“Do they celebrate Halloween in Sardinia? In short, no. Well, not quite – not the one you’re thinking of anyway.”
“When you travel anywhere around the island of Sardinia, you’ll eventually come across the ruins of seemingly isolated circular or honeycomb shaped stone towers – these stone towers are called Nuraghe.”
“Sardinians obviously speak Italian – but not only. The main local language, inherent to the island of Sardinia, is Sardinian or Su Sardu.”
“Italy is definitely no stranger to a huge range of award winning wines the world over. Sardinia is no different.”
For this chapter of Viva La Dolce Vita’s ‘Beginner’s Guide to Sardinia’ I’ve decided to cover the Sardinia’s main city, the Mediterranean jewel, Cagliari.
“Barbagia is the true heart of Sardinia. It’s a place steeped in history and traditions, some dating back thousands of years.”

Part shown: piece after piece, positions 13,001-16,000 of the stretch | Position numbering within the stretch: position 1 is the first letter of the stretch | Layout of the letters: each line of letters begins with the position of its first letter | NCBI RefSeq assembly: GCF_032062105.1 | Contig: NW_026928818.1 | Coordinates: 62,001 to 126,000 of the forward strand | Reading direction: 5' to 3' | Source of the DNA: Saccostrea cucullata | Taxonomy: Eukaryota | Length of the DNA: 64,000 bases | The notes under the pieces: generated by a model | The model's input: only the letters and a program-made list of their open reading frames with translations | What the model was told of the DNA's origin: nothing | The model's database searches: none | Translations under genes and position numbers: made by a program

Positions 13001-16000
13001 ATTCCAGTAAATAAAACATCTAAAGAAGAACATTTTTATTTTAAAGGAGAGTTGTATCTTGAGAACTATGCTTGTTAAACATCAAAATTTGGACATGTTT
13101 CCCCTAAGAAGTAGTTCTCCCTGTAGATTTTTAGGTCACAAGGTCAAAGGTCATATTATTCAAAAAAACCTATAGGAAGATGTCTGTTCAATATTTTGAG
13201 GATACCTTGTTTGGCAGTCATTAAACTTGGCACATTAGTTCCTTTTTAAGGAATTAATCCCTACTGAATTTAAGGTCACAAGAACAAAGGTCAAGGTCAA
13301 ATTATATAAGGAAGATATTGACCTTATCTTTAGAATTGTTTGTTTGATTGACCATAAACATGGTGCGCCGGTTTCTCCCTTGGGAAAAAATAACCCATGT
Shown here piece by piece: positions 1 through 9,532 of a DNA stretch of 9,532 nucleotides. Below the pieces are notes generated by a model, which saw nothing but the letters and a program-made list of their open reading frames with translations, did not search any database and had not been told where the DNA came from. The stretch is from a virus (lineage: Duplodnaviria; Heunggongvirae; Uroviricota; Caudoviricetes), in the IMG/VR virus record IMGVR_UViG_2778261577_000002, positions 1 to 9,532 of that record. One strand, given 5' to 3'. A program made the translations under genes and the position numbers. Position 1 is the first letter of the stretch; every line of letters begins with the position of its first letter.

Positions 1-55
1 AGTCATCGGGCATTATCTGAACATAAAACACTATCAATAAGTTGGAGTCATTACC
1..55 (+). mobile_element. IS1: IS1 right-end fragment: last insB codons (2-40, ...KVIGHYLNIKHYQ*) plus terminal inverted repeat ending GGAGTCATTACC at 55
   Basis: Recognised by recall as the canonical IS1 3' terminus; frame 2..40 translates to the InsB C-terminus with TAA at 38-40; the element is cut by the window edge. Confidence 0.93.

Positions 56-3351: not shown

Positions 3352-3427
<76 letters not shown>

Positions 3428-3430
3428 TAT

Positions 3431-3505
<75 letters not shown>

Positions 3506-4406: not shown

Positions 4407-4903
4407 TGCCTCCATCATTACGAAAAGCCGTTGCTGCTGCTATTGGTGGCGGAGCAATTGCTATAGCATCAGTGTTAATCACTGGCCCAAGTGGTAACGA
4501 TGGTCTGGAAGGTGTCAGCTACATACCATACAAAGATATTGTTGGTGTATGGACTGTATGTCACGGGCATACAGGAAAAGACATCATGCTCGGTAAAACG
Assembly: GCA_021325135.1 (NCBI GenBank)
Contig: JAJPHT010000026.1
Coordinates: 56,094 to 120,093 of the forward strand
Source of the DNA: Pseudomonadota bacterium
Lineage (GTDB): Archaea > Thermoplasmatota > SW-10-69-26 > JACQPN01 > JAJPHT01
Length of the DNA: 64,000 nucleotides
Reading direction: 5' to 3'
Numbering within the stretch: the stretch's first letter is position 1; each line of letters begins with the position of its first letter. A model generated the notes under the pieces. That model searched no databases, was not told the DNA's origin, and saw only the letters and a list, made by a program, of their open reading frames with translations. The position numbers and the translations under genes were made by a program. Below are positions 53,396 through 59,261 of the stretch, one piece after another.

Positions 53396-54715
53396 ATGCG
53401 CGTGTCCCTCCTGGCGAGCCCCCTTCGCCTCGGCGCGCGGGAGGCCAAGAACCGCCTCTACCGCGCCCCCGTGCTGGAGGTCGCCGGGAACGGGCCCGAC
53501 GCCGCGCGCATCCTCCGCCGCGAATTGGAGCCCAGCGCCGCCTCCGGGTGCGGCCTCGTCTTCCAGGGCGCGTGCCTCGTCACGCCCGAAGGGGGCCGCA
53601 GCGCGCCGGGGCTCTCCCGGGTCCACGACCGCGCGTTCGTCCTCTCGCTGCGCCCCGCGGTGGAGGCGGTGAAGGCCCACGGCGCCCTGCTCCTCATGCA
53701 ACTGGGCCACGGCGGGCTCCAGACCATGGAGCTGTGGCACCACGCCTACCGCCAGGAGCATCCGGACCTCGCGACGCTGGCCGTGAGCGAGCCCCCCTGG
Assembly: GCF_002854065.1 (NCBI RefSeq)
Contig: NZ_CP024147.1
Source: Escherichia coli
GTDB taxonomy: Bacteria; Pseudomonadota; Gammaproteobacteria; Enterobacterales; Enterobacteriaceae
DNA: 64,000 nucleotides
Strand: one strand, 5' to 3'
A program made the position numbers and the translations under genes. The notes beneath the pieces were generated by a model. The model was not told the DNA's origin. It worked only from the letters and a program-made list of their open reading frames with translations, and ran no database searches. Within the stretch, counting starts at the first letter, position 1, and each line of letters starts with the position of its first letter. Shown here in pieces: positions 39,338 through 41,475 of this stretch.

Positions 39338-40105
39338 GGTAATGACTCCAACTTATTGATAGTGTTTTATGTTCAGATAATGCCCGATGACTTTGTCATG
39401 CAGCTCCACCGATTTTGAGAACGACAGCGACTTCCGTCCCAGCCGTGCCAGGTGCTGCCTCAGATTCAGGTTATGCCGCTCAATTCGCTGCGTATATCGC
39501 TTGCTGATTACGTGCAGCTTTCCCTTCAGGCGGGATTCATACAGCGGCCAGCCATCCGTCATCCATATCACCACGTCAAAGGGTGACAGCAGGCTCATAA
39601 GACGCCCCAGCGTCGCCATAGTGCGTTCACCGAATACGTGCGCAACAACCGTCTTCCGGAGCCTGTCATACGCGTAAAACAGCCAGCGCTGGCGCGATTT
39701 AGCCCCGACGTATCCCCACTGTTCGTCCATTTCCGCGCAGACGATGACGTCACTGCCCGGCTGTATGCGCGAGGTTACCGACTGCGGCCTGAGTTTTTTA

“Carloforte is most famous for their world-renowned bluefin tuna – the quality is so good that the fishermen actually ship a large amount of their tuna catch to Japan, to be used for sushi.”
“White quartz-stone beaches, Roman and Phoenician ruins, wild west villages, Byzantine churches, amazing mountains, waterfalls, and it’s the home of the last wild horses in Europe – with all of this in mind, it’s easy to see why Oristano is definitely up there as one of my favourite areas of Sardinia”
For my first chapter of ‘Viva La Dolce Vita’s Beginners Guide to Sardinia’, I’m starting with my favourite place on the island, and my wife’s hometown, Alghero.